Mutual Fund Retention Rates Surpass Four Years: Investors in Asset-Allocation Funds Trust Managers
August 7, 2006
Mutual fund retention rates jumped to record highs over the last two years, a sign that "smart" investors have been the driving force of the recent bull market.
Boston-based Dalbar's "Quantitative Analysis of Investor Behavior" reveals that investor retention of equity funds remained at a record 4.3 years in both 2005 and 2006. The recent record is markedly higher than retention rates over the last 20 years, which mostly hovered around three years in length over that period, and as low as 1.7 years in 1987. This may be in part a result of the growth in asset-allocation funds, said Dalbar President Lou Harvey.
"Most investor transactions you see are not attempts to rebalance [the fund allocations] but attempts to escape losses. When you have an asset-allocation fund, the investor is taught that swings in the market are being handled by the professional manager, so they don't have to jump in and out," Harvey said.
He added that management fees on asset-allocation funds have dropped enough so that they are comparable to regular funds-another factor prompting investors to hold.
Phil Nguyen, a financial adviser at Addison Avenue Partners, a subsidiary of the Addison Avenue Credit Union of Palo Alto, Calif., servicing Hewlett Packard and Agilent Technologies employees, said his asset-allocated customers saw their portfolios drop 5% to 10% during the last downturn.
"Most people who [invested in asset-allocation funds] have tended to retain their investments more. Traders were down 50% and never really got back in [to the market]," Nguyen said.
Nguyen, who typically places customers with less than $50,000 into asset allocation funds and allocates the assets of larger accounts himself, hit on another factor that appears to have lengthened fund retentions: The investors still in the market stuck it out through the tough times, while those that bailed out during the bear market are still mostly waiting on the sidelines.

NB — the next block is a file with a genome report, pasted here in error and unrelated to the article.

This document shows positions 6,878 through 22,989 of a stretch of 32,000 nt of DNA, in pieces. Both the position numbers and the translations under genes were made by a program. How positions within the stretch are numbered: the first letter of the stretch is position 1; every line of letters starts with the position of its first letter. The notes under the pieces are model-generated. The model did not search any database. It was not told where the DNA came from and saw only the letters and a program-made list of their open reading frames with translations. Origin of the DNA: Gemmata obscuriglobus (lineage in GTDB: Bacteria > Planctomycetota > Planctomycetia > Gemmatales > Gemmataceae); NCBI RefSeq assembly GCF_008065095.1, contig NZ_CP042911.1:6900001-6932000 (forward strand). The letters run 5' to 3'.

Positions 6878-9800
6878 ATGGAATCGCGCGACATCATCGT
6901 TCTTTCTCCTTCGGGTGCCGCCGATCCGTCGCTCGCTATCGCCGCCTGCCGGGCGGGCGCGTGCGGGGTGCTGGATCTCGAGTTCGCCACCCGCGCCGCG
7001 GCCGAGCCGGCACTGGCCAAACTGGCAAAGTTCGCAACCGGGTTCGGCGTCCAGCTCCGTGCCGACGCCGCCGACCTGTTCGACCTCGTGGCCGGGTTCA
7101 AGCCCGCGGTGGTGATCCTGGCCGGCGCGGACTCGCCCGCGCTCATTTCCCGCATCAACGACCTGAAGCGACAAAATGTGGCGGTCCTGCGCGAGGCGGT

"Therefore, the ones who lost money are out and the ones who stayed are showing very good returns because of what the market has done since 2003," Harvey said.
Steve Amarante, president of Infinex, a Farmington, Conn.-based third-party marketer, said that although his firm doesn't track fund retention levels, he is not surprised that investors are holding onto mutual funds for longer periods. "Anytime people go through some type of correction, they get smarter and they understand better what makes up the market," Amarante said.
That understanding includes holding on to funds through the dips. It also helps that there just hasn't been significant stock market volatility over the last three years. That is until May, when the Dow dropped 4.7% and the Nasdaq fell 7.6% from their highs that month. But Nguyen said his customers are unlikely to sell on the recent dip.
"I don't get as many calls as I did in the past when markets dropped. People don't panic as much," he said.
Nguyen acknowledged, however, that extended volatility in the equity markets or a year or more of flat returns could shorten retention rates. In addition, after steady stock market gains since 2003 and less than stellar returns on traditional bank-sold investment products such as CDs and fixed annuities, the more conservative investors common in banks may choose to re-enter the equity market. And those investors tend to be more skittish.
Amarante said his firm has seen investors taking their money out of those bank products and looking for higher-return investments. "They went into fixed annuities or bank products, and they're just not getting the return. The markets have been up and down a bit but fairly consistent overall, and advisers out there are more comfortable talking about equities again," Amarante said.
Those types of investors, however, tend not to have the perseverance to ride out the bigger dips, and so they may dilute the retention-strong investors populating the equity markets today. "It may take a couple of years for that money to flow in, but it started last year. Over the next five years, we may see retention rates start to lengthen again," Amarante said. Alas, the re-entrance of the not-so-smart investors may portend poorly for the equity markets' performance going ahead.
Harvey noted two psychologies that all-too-often occur among those types of investors: "There is the fear the market will continue to go down when the market is already down, prompting them to sell; on the other hand, when the market is way back up, they get back in."
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